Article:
We feel that the most important things to consider when being treated for depression are how effective the treatment is, how acceptable the treatment is in terms of side effects, and whether a person is actually getting better. As integrative medicine specialists, we have several valuable tools in our toolkit, such as Botox, to help people seeking relief from conditions like depression. Remember, the data presented are promising but not perfect. Botox treatment, while it appears to be low risk, is NOT NO RISK. Each person should work with their treating clinician to weigh their options.

We work with Smiley Aesthetics to provide Botox treatment. We trust Smiley as a high-quality aesthetic practice, committed to continuous quality. If you are interested in pursuing an evaluation for this approach to your mood, we encourage you to call or text us at 615.541.9933 or email

Additional References & Resources

  1. Arroll B, Elley CR, Fishman T, Goodyear-Smith FA, Kenealy T, Blashki G, Kerse N, Macgillivray S. Antidepressants versus placebo for depression in primary care. Cochrane Database Syst Rev. 2009 Jul 8;2009(3):CD007954. doi: 10.1002/14651858.CD007954. PMID: 19588448; PMCID: PMC10576545.
  2. Zhdanava M, Pilon D, Ghelerter I, Chow W, Joshi K, Lefebvre P, Sheehan JJ. The Prevalence and National Burden of Treatment-Resistant Depression and Major Depressive Disorder in the United States. J Clin Psychiatry. 2021 Mar 16;82(2):20m13699. doi: 10.4088/JCP.20m13699. PMID: 33989464.
  3. Witmanowski H, Błochowiak K. The whole truth about botulinum toxin – a review. Postepy Dermatol Alergol. 2020 Dec;37(6):853-861. doi: 10.5114/ada.2019.82795. Epub 2019 Feb 5. PMID: 33603602; PMCID: PMC7874868.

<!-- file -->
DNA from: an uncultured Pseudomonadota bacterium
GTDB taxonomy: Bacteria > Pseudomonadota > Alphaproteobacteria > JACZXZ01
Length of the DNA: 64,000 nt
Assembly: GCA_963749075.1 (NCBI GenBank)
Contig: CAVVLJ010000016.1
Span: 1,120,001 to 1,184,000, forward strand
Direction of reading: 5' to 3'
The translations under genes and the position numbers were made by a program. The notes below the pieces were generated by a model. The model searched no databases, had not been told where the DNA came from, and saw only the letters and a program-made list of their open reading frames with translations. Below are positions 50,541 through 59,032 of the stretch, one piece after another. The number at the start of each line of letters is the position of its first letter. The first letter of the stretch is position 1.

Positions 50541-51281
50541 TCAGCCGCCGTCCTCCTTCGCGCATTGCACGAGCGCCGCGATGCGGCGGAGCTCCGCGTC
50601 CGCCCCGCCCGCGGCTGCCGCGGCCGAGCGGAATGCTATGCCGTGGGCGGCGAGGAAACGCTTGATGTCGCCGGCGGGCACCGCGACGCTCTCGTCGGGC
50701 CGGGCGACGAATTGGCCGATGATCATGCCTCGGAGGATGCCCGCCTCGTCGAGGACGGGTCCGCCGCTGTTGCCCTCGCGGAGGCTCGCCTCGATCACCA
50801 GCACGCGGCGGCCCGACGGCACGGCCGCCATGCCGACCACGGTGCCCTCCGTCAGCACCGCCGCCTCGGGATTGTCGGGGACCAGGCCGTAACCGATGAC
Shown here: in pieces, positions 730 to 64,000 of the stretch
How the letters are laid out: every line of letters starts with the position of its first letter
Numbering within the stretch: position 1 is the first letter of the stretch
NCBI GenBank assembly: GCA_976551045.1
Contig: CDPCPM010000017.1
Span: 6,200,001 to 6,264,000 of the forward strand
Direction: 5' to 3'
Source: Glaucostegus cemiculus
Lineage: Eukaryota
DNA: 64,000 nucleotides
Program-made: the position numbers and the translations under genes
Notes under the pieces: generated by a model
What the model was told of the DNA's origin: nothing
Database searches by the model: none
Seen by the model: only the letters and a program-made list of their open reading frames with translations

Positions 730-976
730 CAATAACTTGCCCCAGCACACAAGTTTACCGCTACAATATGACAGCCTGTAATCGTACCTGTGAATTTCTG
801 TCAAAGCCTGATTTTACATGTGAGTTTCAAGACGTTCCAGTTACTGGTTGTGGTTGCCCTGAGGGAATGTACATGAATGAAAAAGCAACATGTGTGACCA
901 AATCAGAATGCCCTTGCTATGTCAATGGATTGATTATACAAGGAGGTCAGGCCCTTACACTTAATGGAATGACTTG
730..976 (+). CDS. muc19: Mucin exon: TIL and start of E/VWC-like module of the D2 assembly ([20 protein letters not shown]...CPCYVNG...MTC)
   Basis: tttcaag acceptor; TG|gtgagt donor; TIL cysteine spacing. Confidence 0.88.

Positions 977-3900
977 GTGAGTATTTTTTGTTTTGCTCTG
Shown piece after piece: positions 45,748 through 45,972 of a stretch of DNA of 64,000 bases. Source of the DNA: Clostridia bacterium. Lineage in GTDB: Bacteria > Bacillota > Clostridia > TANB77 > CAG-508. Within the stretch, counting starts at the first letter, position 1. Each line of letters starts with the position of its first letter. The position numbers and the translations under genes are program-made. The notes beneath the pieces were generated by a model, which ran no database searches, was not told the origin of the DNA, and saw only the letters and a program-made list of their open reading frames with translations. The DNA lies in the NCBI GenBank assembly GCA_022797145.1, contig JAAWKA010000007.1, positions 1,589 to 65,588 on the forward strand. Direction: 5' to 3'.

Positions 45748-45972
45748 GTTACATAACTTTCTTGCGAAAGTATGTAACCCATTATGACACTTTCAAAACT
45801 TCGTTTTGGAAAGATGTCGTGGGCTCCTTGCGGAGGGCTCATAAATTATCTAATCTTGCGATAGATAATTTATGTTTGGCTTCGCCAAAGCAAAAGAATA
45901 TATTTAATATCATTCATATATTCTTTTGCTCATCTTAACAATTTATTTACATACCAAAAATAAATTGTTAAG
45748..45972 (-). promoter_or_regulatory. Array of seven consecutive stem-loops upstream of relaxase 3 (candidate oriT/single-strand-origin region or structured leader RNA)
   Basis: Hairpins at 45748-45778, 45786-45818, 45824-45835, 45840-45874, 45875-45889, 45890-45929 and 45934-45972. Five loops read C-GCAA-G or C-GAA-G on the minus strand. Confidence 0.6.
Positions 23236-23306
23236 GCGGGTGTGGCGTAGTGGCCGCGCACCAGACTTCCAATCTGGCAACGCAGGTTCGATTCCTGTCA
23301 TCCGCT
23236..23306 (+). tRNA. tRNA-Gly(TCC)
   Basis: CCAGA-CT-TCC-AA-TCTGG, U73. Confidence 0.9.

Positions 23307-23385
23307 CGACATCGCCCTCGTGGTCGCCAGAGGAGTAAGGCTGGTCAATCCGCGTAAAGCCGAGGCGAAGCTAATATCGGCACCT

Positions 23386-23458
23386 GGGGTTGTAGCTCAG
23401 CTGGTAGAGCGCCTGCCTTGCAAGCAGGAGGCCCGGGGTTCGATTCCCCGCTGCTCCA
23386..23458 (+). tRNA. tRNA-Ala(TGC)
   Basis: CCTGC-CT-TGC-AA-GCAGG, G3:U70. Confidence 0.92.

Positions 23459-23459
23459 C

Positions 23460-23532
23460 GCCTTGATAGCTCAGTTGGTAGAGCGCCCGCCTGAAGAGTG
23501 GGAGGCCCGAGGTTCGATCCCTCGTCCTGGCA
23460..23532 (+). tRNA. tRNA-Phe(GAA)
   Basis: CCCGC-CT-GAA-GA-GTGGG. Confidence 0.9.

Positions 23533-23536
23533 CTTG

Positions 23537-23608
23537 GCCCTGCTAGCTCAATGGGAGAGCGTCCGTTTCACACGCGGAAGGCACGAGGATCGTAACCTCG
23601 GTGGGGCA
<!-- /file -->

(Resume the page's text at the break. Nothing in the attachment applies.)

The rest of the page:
4. Jara Schulze, Insa Neumann, Michelle Magid, Eric Finzi, Christopher Sinke, M. Axel Wollmer, Tillmann H.C. Krüger. Botulinum toxin for the management of depression: An updated review of the evidence and meta-analysis. Journal of Psychiatric Research, Volume 135, 2021, Pages 332-340, ISSN 0022-3956,
  5. Gregoric E, Gregoric JA, Guarneri F, Benvenga S. Injections of Clostridium botulinum neurotoxin A may cause thyroid complications in predisposed persons based on molecular mimicry with thyroid autoantigens. Endocrine. 2011 Feb;39(1):41-7. doi: 10.1007/s12020-010-9410-9. PMID: 21061092.

*Image credit:Wollmer, M.A.; Magid, M.; Kruger, T.H.C.; Finzi, E. Treatment of Depression with Botulinum Toxin. Toxins 2022, 14, 383.

About Dr. Amy Price Neff

Dr. Price Neff is board certified in Integrative Medicine by the American Board of Integrative Medicine. A board-certified Family Medicine doctor, she is also fellowship trained in psychedelic medicine and psychiatric medicine. She has also studied Ayurvedic Medicine, as well as deep inquiries into the microbiome, cancer metabolism, nutrition, mindfulness, medications and the mind, autoimmunity, and the clinical questions that come up in daily practice. For the team at MindStream, the excitement that comes from continuous learning is one of the most precious fuels for practice. Learn more about Dr. Neff and the MindStream team.